“I pledge you, I pledge myself, to a new deal for the American people“, said Franklin Delano Roosevelt in his 1932 acceptance speech at the Democratic Party convention; “Build, build, build”, said Boris Johnson in 2020, during his marque speech in the midlands.
This tongue-in-cheek comparison would be unfair on the British prime minister – whose speech would never live up to that of Roosevelt – were it not for the fact that he had made the comparison himself.
Boris Johnson pledged £5 billion to invest in building projects in the United Kingdom, as he stared unveiling his recovery plan to bring Britain out of the coronavirus induced economic catastrophe.
The investment will include schools, roads and hospitals, aiming to create jobs and provide long term growth. Speaking on his Snapchat account, Boris stated his intention to either build or rebuild 50 schools across the country, to create better learning environments for children in the United Kingdom.
When questioned on the investment programme by Sky News’ Beth Rigby, Boris Johnson did not rule out tax rises in the near future, saying: “I remain absolutely determined to ensure that the tax burden, insofar as we possibly can, is reasonable and that we continue to be a dynamic, competitive, open market economy”.
Speaking in the Midlands, Johnson went on to say: we cannot continue to be prisoners” of Covid-19 and that the investment programme is part of a vision for what a post Coronavirus Britain might look like.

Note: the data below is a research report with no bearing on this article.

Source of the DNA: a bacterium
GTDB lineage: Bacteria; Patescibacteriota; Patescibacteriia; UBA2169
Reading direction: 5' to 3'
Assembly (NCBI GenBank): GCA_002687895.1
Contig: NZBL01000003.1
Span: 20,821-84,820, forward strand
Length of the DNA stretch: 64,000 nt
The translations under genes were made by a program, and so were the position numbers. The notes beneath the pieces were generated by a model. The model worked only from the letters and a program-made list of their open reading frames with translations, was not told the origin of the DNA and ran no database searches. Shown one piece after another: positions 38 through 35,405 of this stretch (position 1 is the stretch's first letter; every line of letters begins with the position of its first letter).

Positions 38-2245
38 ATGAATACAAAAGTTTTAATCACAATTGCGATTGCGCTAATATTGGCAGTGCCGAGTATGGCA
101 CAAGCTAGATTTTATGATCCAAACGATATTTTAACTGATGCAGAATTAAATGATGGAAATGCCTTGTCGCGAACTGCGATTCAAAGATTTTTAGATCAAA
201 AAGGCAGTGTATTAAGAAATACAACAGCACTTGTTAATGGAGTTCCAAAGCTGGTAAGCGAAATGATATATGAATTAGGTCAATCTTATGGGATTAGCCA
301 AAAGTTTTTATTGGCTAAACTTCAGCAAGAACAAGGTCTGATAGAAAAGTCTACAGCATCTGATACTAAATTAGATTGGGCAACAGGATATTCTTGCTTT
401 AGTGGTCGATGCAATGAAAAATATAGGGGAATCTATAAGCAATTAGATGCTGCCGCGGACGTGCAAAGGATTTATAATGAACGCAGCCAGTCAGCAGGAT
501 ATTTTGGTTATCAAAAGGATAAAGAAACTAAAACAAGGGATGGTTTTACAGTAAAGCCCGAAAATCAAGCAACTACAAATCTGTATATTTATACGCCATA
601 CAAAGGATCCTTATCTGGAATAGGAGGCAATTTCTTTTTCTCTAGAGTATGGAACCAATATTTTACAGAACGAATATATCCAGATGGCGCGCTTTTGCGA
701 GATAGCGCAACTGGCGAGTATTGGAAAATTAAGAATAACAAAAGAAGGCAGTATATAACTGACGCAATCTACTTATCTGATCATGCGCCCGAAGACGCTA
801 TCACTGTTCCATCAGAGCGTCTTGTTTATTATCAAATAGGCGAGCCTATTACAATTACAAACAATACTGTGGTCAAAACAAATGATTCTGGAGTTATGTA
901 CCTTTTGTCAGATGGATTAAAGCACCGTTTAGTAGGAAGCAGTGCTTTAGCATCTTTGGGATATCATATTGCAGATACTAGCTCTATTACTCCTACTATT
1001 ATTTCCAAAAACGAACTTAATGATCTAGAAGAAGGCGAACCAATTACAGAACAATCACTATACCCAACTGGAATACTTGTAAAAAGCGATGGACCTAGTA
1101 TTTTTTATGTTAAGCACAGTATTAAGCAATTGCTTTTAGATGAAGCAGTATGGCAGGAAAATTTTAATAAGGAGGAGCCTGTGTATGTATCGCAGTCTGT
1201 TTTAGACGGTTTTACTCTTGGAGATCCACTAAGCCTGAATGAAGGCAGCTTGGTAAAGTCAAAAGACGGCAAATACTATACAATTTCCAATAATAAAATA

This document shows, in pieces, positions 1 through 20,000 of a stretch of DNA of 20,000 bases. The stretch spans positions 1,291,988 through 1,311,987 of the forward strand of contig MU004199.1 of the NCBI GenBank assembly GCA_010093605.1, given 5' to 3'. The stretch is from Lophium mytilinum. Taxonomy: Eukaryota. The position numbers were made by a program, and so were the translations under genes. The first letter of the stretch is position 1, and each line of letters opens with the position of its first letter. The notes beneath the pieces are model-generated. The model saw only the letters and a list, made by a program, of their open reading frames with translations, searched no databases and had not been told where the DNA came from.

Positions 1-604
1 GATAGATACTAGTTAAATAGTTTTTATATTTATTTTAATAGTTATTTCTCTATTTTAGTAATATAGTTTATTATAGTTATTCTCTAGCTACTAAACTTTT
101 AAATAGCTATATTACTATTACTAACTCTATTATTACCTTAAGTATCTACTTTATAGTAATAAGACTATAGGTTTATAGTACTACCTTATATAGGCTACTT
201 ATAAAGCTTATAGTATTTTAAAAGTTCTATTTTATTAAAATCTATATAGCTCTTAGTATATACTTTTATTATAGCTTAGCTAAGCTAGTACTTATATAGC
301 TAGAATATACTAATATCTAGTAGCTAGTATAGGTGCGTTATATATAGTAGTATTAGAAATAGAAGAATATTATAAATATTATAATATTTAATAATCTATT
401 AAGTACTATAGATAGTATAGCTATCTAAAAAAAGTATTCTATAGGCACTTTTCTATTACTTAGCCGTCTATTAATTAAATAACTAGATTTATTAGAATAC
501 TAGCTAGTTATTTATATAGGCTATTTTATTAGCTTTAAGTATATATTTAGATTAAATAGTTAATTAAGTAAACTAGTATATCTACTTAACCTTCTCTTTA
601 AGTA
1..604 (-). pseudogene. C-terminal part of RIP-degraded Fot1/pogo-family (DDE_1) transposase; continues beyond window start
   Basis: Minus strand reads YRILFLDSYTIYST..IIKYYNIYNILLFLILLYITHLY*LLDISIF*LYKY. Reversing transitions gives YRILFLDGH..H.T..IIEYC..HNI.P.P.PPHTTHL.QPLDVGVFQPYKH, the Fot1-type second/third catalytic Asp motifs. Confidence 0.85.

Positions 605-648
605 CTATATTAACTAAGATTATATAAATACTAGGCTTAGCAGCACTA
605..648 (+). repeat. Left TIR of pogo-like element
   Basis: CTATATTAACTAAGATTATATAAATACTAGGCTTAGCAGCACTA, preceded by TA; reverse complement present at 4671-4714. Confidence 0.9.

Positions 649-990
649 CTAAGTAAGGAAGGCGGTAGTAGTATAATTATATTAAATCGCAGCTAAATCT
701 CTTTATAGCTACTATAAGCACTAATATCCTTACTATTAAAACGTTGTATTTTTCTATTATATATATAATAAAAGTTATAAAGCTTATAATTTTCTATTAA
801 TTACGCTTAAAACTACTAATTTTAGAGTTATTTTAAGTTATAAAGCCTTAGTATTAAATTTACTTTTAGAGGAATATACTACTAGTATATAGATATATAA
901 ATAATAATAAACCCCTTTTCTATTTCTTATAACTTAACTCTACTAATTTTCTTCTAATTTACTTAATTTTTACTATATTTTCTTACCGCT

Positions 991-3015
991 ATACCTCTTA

Before any journalists made comparisons between Boris’ coronavirus recovery investment and the New Deal programme, that led America out of the Great Depression in the 1930s, Boris Johnson said: “It sounds positively Rooseveltian”, making it clear the kind of esteemed company he wishes his leadership to be seen within.
“All I can say is that, if so, then that is how it is meant to sound and to be because that is what the times demand – a government that is powerful and determined and that puts its arms around people at a time of crisis”.
“We will build, build, build. Build back better, build back greener, build back faster, and to do that at the pace that this moment requires”.
Labour Leader, Keir Starmer, questioned the prime minister’s speech: “The prime minister promised a ‘New Deal’. But there’s not much that’s new and it’s certainly not much of a deal.”
Photo Credit: Andrew Parsons / No 10 Downing Street under licence (CC-BY-NC-ND 2.0)